Armstrong rues 'difficult' weeks

Lance Armstrong has admitted to "difficult" times since the release of a report which accused the shamed cyclist of being at the heart of the most sophisticated doping programme ever seen in sport.

Making his first public remarks since the release of US Anti-Doping Agency's (USADA) damning report, Armstrong did not refer directly to the scandal, saying: "It's been a difficult couple of weeks for me and my family, my friends and this foundation.

"We will not be deterred. We will move forward."

The 41-year-old American made his comments to 1,500 guests at a gala fundraiser for cancer charity Livestrong, which he founded 15 years ago after fighting testicular cancer.

But on Wednesday he stepped down as chairman of Livestrong in an effort to protect the foundation from the scandal swirling around him.

That was the same day that corporate sponsors, including sportswear giant Nike, dropped him in the uproar over the USADA report, which cites more than two dozen witnesses including some former team-mates and accuses Armstrong of being at the heart of sport's "most sophisticated, professionalised and successful doping programme".

World cycling's governing body the International Cycling Union (UCI) will respond to the report on Monday, and whether it backs USADA's demand that Armstrong be banned for life and stripped of the seven Tour de France titles that made him a sports icon.

UCI president Pat McQuaid will also come under scrutiny for his handling of doping issues in cycling.

Anne Gripper, who ran UCI's anti-doping arm from 2006 to early 2010, told The Age newspaper in Australia that the UCI should have handled things better.

The USADA report, Gripper said, showed "not so much that he (Armstrong) was a doping cheat - I think everybody accepts that just about all cyclists were doing it - but the way he orchestrated that programme and, more importantly, the bullying (and) the tactics used to influence the behaviour and choices of young impressionable riders".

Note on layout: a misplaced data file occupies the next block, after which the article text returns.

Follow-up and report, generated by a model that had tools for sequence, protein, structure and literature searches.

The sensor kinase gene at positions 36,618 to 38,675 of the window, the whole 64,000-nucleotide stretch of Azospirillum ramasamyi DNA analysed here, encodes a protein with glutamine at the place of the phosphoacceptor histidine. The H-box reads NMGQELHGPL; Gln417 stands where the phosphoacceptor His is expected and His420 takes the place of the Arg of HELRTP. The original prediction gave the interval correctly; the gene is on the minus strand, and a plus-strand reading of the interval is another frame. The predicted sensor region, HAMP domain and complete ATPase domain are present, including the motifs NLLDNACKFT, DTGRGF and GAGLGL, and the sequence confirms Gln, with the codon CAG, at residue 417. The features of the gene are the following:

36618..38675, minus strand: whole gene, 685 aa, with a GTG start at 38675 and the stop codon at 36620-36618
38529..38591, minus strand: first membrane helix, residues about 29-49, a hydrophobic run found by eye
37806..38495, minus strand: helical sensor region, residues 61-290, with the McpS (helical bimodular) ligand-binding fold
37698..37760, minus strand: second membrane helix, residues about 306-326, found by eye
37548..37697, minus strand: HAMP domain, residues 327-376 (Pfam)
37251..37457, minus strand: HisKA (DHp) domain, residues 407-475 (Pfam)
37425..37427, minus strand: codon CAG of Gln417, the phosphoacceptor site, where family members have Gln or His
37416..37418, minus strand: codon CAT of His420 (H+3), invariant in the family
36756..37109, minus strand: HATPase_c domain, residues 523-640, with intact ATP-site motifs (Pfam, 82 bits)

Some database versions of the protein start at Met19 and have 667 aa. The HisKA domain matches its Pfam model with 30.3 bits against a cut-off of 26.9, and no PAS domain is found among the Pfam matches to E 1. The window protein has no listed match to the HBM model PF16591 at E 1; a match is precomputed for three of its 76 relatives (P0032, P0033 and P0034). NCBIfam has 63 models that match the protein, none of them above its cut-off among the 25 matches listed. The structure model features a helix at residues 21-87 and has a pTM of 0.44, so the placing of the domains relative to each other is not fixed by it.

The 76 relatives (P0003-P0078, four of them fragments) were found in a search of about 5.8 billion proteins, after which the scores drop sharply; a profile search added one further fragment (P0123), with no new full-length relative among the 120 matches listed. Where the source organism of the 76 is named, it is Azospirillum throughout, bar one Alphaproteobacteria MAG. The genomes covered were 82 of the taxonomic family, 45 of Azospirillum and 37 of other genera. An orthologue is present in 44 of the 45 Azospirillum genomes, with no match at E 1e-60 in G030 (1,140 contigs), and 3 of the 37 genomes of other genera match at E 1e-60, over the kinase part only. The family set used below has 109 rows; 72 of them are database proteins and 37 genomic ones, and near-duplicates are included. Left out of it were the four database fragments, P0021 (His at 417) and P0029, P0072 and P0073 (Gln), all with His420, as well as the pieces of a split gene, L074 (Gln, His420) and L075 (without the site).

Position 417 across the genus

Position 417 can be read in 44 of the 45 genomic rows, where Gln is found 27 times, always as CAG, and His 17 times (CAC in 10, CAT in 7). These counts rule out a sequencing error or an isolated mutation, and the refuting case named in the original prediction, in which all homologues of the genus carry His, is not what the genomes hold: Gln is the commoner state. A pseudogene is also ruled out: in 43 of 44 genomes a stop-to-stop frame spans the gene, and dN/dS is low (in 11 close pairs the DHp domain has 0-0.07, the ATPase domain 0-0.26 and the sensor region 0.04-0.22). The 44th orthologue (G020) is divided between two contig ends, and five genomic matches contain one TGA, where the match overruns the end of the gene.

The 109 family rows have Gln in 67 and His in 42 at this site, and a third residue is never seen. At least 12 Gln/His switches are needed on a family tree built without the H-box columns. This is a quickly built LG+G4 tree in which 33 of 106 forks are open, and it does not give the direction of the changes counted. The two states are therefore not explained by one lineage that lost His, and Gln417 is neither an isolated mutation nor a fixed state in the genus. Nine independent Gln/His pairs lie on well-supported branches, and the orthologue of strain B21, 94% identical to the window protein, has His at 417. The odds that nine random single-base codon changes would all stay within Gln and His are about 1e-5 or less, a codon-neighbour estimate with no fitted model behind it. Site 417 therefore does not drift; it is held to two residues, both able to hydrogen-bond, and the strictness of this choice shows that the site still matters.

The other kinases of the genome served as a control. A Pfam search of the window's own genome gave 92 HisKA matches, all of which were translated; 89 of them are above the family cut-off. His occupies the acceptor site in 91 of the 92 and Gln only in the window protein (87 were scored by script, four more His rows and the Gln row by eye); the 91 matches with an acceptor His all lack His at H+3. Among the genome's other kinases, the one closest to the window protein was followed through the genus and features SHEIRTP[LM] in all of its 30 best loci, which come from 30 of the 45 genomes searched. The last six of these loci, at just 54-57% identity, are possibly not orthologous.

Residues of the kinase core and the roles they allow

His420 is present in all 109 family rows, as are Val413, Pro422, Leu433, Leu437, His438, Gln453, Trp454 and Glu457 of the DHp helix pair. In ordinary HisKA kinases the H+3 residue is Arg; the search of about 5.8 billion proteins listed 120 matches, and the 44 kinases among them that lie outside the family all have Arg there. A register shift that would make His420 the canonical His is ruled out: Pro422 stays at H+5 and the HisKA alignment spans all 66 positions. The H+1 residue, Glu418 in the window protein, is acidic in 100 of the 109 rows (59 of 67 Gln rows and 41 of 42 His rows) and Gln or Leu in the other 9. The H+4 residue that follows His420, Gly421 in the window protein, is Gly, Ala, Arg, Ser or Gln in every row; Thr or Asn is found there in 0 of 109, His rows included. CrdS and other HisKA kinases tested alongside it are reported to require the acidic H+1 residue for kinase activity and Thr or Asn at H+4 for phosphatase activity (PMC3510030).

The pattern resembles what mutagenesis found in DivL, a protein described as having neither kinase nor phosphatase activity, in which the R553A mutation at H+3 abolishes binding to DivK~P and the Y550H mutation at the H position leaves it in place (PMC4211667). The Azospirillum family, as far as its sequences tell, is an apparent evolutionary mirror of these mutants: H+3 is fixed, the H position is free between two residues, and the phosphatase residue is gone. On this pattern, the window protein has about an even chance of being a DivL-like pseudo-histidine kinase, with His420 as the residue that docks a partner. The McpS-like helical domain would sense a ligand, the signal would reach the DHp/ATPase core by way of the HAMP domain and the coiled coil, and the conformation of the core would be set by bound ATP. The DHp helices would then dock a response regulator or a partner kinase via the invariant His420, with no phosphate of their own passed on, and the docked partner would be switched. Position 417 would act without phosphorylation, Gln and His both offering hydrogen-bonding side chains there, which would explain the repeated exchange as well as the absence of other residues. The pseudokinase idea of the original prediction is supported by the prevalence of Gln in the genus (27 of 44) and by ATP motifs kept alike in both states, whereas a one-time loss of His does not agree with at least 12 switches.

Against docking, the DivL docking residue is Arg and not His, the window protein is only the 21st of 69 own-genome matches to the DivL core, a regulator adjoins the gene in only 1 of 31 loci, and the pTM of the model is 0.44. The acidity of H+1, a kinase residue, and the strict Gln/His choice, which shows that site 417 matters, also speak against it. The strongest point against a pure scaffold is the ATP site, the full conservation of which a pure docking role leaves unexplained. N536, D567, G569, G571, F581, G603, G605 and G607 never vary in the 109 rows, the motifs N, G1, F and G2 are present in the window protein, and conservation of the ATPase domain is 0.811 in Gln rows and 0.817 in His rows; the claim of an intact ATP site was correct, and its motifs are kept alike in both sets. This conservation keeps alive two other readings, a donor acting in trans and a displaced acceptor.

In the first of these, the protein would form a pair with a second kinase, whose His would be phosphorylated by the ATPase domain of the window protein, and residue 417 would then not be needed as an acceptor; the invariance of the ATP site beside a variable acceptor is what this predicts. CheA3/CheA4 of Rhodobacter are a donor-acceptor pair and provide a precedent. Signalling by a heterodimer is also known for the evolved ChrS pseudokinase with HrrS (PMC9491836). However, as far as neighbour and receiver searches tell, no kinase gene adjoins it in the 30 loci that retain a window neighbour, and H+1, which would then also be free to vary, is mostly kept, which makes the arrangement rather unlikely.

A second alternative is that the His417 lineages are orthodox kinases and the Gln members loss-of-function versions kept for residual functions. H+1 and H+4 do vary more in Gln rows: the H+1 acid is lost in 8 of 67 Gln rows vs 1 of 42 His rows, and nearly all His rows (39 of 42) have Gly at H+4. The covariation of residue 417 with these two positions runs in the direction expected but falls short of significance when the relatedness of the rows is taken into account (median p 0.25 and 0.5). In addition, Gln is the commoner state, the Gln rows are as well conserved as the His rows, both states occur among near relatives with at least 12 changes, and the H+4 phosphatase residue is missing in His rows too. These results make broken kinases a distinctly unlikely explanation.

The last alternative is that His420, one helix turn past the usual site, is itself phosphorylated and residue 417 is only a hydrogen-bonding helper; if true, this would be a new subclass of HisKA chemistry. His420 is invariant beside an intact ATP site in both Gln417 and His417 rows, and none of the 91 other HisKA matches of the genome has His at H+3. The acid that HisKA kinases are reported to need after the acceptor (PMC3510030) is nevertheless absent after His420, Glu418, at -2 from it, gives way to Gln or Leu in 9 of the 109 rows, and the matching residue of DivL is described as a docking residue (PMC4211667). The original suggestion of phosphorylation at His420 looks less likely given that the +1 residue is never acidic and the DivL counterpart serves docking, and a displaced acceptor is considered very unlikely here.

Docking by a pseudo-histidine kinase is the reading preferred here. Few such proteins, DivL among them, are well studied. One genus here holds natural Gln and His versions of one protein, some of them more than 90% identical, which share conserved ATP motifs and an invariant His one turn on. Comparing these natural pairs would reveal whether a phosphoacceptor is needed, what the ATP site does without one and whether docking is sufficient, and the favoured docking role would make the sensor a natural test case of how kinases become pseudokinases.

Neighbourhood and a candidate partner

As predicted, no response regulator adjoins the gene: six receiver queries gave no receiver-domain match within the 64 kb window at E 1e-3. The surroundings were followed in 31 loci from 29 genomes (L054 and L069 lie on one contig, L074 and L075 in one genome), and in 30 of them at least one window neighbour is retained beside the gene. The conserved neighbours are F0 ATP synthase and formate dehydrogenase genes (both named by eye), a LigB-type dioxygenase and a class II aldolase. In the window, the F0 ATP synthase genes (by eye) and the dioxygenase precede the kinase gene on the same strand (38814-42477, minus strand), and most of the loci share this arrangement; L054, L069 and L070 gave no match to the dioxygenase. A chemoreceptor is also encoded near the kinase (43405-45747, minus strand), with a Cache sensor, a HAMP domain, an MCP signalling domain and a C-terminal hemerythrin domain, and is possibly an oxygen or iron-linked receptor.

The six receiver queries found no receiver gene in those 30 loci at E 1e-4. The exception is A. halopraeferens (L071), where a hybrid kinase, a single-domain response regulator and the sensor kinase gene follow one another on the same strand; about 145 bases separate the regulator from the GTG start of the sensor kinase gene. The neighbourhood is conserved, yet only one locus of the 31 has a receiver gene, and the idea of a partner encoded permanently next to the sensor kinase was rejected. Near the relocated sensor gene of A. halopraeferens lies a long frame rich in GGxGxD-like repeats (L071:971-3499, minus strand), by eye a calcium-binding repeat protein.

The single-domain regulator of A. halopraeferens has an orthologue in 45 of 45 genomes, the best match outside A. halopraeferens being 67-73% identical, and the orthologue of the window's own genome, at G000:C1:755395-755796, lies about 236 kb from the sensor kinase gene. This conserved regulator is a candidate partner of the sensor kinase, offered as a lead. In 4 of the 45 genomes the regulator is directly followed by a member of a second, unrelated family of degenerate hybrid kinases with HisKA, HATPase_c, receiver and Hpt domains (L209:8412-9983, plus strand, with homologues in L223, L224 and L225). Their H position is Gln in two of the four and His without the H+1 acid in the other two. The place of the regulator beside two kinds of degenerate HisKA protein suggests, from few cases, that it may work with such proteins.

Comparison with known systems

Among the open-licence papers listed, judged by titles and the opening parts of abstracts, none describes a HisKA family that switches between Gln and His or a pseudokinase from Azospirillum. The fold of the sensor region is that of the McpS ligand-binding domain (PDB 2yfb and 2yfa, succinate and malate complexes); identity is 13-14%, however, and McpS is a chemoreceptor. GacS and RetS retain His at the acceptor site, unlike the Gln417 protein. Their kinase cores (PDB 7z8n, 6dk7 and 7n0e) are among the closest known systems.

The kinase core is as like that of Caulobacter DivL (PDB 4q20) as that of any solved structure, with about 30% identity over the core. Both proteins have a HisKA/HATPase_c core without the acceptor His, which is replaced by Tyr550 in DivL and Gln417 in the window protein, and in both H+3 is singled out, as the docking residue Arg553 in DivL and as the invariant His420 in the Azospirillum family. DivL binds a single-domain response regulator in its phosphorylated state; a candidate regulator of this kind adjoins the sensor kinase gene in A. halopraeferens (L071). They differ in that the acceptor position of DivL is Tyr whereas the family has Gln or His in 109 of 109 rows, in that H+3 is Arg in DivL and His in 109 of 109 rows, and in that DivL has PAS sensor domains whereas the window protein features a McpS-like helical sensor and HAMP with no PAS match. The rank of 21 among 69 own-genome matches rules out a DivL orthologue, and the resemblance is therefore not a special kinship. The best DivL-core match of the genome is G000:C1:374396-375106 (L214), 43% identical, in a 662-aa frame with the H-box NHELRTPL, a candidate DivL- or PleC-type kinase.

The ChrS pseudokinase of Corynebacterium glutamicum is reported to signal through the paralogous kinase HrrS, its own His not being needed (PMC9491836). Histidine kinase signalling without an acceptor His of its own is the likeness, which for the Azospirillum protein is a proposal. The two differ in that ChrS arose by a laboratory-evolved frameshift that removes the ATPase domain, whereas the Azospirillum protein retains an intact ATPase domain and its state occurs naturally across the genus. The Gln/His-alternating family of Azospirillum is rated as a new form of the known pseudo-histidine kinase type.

Gripper also accused Armstong of telling "the sport how to administer its rules", in reference to the UCI waiving a 13-day window to allow the Texan to race the 2009 Tour Down Under.

"I have always said that Armstrong's influence was a danger in the sport," Gripper told The Age. "He was allowed to ride in the 2009 Tour Down Under. He shouldn't have been. Once again, for Lance, special consideration was provided."

Gripper added: "The UCI may have failed to take some actions that we should have taken at the time but since 2006 we have been really committed to this issue."

Asked if she felt McQuaid faced a limited future at the UCI, Gripper said: "I don't know -- I know his commitment to this was very strong while I was there. It may have wavered a bit.

"I heard Pat say the other night, 'We test and test and test as much as we can and send all the samples to the labs and that's all we can do'.

"Well, it's not, Pat, there's lots more that can be done.

"It's not just about testing because we know in many ways testing is the most ineffective way of eliminating doping ... There are so many more things the UCI can do.

"The issue for the UCI is communication. It is time to stand up and acknowledge some of the past."

Armstrong's ex-wife Kristin -- accused in the USADA report of being complicit in her former husband's doping, implied in her latest blog for that she had kept her silence for the sake of her family that includes three children by Lance.

"I know what truth is. I know my past. Not telling or selling my tales to the press is my choice - one that I made primarily for my children," she said.

"And there are many things that I am not free to discuss because I am constrained by legal principles like marital privilege, confidentiality and non-disclosure agreements.

"To the world, Lance may be a source of admiration or suspicion, but to me he is simply my wasband (former husband) and the father of my children. His choices were, and are, his. And mine are mine. And they haven't always been pretty."

Back in Texas, Lance Armstrong, now an outcast in cycling, said it was imperative that the Livestrong foundation continue to fulfill its aims.

"The mission absolutely must go on," he said, as Livestrong confirmed that donations continued to flow in, with Friday's event -- attended by Hollywood heavyweights Robin Williams and Sean Penn -- raising $2.5 million.

Early Sunday morning, Armstrong is expected to address nearly 4,000 cyclists before the start of the Livestrong Challenge, an annual fundraising race that starts in the heart of Austin.


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